Bacterial colonies play an important role in the isolation and identification of bacterial species, and plating on a petri dish is still regarded as the gold standard for confirming the cause of an outbreak situation. A bacterial colony consists of millions of densely packed individual bacteria along with matrices such as extracellular materials. When a laser is directed through a colony, complicated structures encode their characteristic signatures, which results in unique forward scattering patterns. We investigate the connection between the morphological parameters of a bacterial colony and corresponding forward scattering patterns to understand bacterial growth morphology. A colony elevation is modeled with a Gaussian profile, which is defined with two critical parameters: center thickness and diameter. Then, applying the scalar diffraction theory, we compute an amplitude modulation via light attenuation from multiple layers of bacteria while a phase modulation is computed from the colony profile. Computational results indicate that center thickness plays a critical role in the total number of diffraction rings while the magnitude of the slope of a colony determines the maximum diffraction angle. Experimental validation is performed by capturing the scattering patterns, monitoring colony diameters via phase contrast microscope, and acquiring the colony profiles via confocal displacement meter. PMID:20799796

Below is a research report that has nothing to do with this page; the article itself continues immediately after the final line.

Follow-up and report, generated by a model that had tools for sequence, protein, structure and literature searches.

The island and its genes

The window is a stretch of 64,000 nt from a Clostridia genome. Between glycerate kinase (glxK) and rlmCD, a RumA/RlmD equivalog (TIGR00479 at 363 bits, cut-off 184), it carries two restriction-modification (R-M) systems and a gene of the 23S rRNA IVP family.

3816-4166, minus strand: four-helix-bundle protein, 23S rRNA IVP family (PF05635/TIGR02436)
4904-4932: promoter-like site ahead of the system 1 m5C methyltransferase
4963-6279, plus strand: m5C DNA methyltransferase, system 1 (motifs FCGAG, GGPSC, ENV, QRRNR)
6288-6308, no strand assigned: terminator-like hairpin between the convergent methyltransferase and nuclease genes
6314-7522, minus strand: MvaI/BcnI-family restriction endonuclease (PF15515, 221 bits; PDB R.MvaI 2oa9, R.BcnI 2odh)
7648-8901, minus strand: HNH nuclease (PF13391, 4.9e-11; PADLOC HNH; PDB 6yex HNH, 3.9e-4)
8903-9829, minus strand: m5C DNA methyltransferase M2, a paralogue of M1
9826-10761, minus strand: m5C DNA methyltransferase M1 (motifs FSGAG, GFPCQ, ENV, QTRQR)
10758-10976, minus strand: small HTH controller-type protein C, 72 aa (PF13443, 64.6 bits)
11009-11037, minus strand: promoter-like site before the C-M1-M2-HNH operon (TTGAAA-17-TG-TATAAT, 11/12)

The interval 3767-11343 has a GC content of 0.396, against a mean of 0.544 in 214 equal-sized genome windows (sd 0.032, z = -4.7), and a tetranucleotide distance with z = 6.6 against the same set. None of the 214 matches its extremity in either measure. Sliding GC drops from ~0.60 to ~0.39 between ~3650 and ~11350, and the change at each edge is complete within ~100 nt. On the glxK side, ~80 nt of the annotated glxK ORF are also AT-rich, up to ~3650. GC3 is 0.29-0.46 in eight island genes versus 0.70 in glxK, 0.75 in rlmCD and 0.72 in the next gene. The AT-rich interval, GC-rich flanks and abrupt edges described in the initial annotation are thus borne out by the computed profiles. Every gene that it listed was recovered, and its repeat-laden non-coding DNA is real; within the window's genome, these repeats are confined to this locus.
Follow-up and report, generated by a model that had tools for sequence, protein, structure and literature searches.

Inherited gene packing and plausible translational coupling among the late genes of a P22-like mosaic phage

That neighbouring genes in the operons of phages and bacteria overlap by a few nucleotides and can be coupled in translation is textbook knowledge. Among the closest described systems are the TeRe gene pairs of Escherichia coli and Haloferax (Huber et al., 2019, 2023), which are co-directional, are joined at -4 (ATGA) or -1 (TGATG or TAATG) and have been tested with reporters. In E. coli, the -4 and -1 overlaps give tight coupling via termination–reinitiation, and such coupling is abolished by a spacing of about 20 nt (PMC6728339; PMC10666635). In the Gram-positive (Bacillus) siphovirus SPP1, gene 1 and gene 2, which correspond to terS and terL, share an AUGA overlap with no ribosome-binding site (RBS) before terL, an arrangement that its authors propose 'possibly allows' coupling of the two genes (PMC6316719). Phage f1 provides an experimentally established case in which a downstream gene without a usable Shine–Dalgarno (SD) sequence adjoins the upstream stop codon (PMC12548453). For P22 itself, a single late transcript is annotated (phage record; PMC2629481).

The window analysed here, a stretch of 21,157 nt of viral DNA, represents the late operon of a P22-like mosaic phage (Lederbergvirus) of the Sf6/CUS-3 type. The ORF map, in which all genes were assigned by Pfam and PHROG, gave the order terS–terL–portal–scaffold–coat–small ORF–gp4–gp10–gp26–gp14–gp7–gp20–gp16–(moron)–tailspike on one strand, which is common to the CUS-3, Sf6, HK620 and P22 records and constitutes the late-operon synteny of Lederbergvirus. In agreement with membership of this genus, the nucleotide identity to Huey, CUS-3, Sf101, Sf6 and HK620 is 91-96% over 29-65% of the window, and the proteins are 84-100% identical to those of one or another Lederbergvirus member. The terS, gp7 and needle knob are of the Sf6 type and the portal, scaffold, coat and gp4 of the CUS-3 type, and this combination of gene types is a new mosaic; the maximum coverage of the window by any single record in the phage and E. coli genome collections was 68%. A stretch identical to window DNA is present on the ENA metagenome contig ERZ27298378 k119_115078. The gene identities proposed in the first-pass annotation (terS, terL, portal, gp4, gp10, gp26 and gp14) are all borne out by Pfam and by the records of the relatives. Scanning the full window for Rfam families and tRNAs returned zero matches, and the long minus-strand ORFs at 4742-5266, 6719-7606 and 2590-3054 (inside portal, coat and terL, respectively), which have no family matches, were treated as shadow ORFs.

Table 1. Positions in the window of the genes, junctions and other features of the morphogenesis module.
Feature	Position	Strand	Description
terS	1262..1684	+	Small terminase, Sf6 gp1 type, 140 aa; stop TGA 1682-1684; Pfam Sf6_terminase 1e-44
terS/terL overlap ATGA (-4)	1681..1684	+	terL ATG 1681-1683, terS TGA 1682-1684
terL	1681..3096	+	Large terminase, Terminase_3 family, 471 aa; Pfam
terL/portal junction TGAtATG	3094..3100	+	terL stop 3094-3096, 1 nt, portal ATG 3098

Bae, Euiwon; Bai, Nan; Aroonnual, Amornrat; Robinson, J Paul; Bhunia, Arun K; Hirleman, E Daniel

2010-01-01

434

Estimated areal extent of colonies of black-tailed prairie dogs in the northern Great Plains  

USGS Publications Warehouse